Cooling Off Summer Melt: From High School Graduation to the First Day on Campus

Having worked tirelessly towards this culminating moment, June is always an exciting time of year for graduating seniors and their families. Filled with college-going tasks and deadlines, the senior year is intense, and students look forward to the brief reprieve of summer. With the bulk of the college-readiness tasks behind them, all that is left for a student to do is attend commencement, update Instagram with a celebratory selfie, and report to college the first day of class, right? Well, not entirely.

Summer is a critical time for college-going seniors and an optimal time to continue to reach out and engage them in the college process. Having access to a rich social network that will continue to advise them on how to navigate their college pathway, remind them of deadlines and tasks, and help them to overcome their barriers over the summer months, is one of the most valuable tools a graduating senior can have. Here are a few resources to consider for your students social network:

  • Educators: Encourage your student to stay connected with school counselors, teachers, administrators, and college advisors over the summer months. School counselors are uniquely trained to help students navigate the college-going process and are a great resource. Some school districts specifically employ school counselors over the summer months to advise and assist seniors with challenges that may arise.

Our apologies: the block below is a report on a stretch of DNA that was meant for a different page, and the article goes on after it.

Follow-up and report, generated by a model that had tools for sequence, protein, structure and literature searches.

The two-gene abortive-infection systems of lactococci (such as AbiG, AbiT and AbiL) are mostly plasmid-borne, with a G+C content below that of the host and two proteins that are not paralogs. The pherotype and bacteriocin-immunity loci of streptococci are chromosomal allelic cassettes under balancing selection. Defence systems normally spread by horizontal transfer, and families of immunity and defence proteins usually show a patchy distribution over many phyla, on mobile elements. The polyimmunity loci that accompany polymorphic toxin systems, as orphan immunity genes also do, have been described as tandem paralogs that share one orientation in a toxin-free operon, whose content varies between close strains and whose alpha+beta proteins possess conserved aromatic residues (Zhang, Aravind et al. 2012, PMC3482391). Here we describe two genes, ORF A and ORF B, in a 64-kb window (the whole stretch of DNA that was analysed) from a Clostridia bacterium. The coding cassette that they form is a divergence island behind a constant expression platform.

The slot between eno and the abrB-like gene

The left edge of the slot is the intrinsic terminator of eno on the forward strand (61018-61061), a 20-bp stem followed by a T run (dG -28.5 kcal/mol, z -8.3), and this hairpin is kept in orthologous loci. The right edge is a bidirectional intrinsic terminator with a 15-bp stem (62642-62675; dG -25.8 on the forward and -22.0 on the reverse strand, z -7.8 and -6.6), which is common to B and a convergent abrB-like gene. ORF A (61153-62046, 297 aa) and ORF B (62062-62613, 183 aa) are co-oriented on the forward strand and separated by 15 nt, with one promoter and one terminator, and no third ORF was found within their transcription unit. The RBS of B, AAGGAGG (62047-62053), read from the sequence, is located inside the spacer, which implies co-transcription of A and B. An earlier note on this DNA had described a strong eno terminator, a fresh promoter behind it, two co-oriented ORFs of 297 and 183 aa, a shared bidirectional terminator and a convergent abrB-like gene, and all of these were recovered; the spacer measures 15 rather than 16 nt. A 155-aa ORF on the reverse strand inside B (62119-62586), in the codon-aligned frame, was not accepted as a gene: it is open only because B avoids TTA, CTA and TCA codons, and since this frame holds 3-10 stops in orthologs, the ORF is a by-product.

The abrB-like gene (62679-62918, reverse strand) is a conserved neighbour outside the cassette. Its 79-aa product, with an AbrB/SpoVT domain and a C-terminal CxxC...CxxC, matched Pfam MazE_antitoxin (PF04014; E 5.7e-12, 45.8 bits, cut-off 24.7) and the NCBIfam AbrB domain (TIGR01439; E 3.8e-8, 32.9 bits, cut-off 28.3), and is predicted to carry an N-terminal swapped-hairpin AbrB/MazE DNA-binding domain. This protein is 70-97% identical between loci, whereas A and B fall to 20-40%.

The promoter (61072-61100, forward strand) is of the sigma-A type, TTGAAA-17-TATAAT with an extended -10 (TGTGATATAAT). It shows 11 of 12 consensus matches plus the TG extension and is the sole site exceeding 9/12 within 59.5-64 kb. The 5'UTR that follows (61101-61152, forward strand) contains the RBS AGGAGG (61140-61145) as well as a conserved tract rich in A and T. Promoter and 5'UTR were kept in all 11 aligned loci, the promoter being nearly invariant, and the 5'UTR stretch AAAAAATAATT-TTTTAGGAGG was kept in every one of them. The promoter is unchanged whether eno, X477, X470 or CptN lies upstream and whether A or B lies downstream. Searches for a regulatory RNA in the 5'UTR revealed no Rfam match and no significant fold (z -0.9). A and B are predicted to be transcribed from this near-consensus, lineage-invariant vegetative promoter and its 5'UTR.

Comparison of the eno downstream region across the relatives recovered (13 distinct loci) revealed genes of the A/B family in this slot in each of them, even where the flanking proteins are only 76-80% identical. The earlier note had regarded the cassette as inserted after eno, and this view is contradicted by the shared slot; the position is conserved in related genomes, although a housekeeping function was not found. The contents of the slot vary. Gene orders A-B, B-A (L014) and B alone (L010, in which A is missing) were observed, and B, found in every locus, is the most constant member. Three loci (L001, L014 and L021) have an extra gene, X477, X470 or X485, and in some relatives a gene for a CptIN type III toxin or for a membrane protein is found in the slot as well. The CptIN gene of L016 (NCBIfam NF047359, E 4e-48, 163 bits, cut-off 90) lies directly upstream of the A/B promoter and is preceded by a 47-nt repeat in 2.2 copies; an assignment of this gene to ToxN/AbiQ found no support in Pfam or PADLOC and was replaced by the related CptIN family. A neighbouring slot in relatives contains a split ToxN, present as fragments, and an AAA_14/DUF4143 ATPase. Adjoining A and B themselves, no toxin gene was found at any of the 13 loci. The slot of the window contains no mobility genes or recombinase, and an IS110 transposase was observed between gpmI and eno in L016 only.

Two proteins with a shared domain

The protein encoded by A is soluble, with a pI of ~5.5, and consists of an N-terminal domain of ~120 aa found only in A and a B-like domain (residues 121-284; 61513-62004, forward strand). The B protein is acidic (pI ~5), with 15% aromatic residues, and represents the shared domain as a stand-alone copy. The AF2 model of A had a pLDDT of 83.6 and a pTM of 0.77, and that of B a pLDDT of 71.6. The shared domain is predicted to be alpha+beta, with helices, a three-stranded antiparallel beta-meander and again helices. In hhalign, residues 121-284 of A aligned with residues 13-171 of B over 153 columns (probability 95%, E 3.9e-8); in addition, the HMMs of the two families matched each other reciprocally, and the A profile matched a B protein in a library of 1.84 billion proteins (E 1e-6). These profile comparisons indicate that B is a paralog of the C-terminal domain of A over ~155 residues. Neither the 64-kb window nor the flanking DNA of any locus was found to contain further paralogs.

• Parents/Guardians: Talk with your student often about the college process. Studies show that speaking frequently to your student about college increases the likelihood of enrollment by seven percentage points.
  • Peers: Connect your student with others going to college for the first time or students already enrolled in the college he or she will attend. Peer influence increases the likeliness of enrollment by over 14 percentage points.
  • Colleges & Universities: Link your student with the new learning community early. Most colleges and universities offer programs that connect with students over the summer months. While some do so through social media, reminding them about mandatory deadlines and tasks, others offer in-person programs such as freshman orientation and bridge programs. Contact your student’s admission office and inquire about such opportunities.

I’ve spoken to thousands of students over the years, and when asked who had the greatest influence in their accomplishments, without fail, nine out of ten times, they name a parent or guardian. Your support and encouragement not only inspires them to go to college, but will sustain them through their pursuit of their degree. As a Professional School Counselor, I’ve watched this moment play out in the lives of numerous families. I encourage you to stop, be present, and tell your student how proud you are of them.

Jasmine Mcleod is the 2014 Scholar-in-Residence for the American Counseling Association and Instructional Systems Specialist for  School Counseling & Psychology at DoDEA schools.

1 Comment

  1. What a great piece of advice! As a father, I must admit that by the time my children were accepted to a college, I was more concerned about raising tuition by the fall, than I was with how they should pass their summers,. I wish that I’d had solid advice like this to help me help them make the transition. Thinking back on the summer following my own high school graduation, I now realize how close I myself came to “Summer Melt”. That “Melt” could have changed/ruined the course of the rest of my life.

Leave a Comment

Your email address will not be published. Required fields are marked *